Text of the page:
Modernism, 1910-1945: Image to Apocalypse (Transitions) by Jane Goldman

By Jane Goldman

This crucial advisor explores and celebrates the increase and improvement of modernist and avant-garde literatures and theories within the interval 1910-1945, from Imagism to the Apocalypse circulate. Jane Goldman charts transitions in writing, studying, appearing and publishing practices, and in foreign groupings and regroupings of writers and artists, and interrogates the time period 'Modernism' which labels the period. Goldman introduces scholars to the paintings of many canonical excessive modernist writers, comparable to Ezra Pound, T. S. Eliot, W. B. Yeats, James Joyce and Virginia Woolf, and samples the paintings of alternative vital modernist figures, together with Nathanael West, John Rodker, Aldous Huxley and the Harlem Renaissance poets.

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Extra info for Modernism, 1910-1945: Image to Apocalypse (Transitions)

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In the mean time I will continue to shape my introduction around Balso’s journey and, at the same time, try to keep Balso’s guide out of my throat. Defining modernism and the avant-garde To return to the title and rationale of this book: in order to explain the use of “Modernism” and of “Image to Apocalypse”, I also want to discuss another term that informs my argument. I was initially Introduction: “Make It New” 7 tempted by the title “Avant-Garde to Modernism”, which signals one of the ideological and critical transitions occurring in relation to this period that this book will explore.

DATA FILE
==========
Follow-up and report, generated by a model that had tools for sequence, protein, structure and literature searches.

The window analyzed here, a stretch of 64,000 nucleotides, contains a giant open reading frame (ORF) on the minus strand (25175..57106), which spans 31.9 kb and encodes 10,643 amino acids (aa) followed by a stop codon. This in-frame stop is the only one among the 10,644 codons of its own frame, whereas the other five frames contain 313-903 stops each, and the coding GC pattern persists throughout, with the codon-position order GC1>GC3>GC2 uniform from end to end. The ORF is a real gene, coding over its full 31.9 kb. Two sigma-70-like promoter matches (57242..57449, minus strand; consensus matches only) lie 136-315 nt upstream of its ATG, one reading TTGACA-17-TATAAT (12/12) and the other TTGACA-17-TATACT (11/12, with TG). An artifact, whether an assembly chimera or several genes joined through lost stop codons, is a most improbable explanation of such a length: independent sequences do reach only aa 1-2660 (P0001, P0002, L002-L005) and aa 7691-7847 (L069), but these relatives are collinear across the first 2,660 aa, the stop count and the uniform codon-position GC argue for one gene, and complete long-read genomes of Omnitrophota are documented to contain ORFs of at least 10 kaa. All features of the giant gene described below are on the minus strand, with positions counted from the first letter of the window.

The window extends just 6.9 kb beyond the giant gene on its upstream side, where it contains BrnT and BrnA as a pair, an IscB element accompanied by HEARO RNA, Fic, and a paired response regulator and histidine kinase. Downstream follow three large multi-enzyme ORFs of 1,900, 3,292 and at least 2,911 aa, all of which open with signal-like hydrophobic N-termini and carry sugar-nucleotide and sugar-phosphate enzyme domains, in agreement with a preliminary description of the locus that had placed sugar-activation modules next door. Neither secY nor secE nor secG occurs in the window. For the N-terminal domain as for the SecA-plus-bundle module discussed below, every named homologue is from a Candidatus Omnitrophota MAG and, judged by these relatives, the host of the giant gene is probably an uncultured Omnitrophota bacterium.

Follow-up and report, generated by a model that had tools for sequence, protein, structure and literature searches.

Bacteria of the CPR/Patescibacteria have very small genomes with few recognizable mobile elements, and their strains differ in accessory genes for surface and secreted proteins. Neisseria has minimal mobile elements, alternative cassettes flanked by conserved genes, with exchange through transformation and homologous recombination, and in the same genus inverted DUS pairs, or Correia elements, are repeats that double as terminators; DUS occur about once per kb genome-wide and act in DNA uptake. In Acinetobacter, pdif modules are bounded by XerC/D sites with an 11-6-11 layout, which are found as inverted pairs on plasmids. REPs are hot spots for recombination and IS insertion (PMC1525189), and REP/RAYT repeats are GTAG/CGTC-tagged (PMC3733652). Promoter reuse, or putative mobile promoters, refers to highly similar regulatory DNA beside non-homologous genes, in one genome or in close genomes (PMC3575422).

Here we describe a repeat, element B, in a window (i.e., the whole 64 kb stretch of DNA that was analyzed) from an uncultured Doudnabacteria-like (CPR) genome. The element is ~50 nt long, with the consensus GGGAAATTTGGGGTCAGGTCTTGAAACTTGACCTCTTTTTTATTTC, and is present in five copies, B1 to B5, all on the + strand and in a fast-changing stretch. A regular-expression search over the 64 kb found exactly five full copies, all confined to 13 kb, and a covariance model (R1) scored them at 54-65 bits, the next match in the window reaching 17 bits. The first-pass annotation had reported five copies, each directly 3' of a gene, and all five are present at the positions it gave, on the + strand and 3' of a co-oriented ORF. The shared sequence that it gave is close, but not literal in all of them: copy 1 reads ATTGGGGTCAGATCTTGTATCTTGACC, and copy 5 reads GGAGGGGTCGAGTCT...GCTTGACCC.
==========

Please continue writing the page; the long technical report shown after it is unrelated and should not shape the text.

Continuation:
It is not merely a matter of outward dress and content. But, it is in fact difficult to explain or understand how exactly the content of teaching (or dogma or ideology) or delight (or beauty) might be in the form of a poem “in the sense that Jeffrey Archer is in jail”, to borrow from Terry Eagleton (London Review of Books, vol. 24, no. 8, p. 14), or in the sense that Greek soldiers are in the Trojan horse. On the other hand, it is difficult not to miss the shock tactics of a truly avant-garde public gesture!

Eliot’s The Waste Land, James Joyce’s Ulysses, Virginia Woolf’s To the Lighthouse, W. B. Yeats’s The Tower, Ezra Pound’s Cantos – then following Balso on his journey, unaided by the likes of me, would constitute a splendid alternative introduction. So too would be a visit to the nearest collection of modern art. So too would be a flick through an anthology of manifestos and critical sources, as Peter Childs also suggests (24–5). I recommend The Modern Tradition (1965), edited by Richard Ellmann and Charles Feidelson; A Modernist Reader: Modernism in England, 1910–1930 (1977), edited by Peter Faulkner; The Gender of Modernism, edited by Bonnie Kime Scott (1990); and Modernism: An Anthology of Sources and Documents (1998), edited by Vassiliki Kolocotroni, Jane Goldman and Olga Taxidou.

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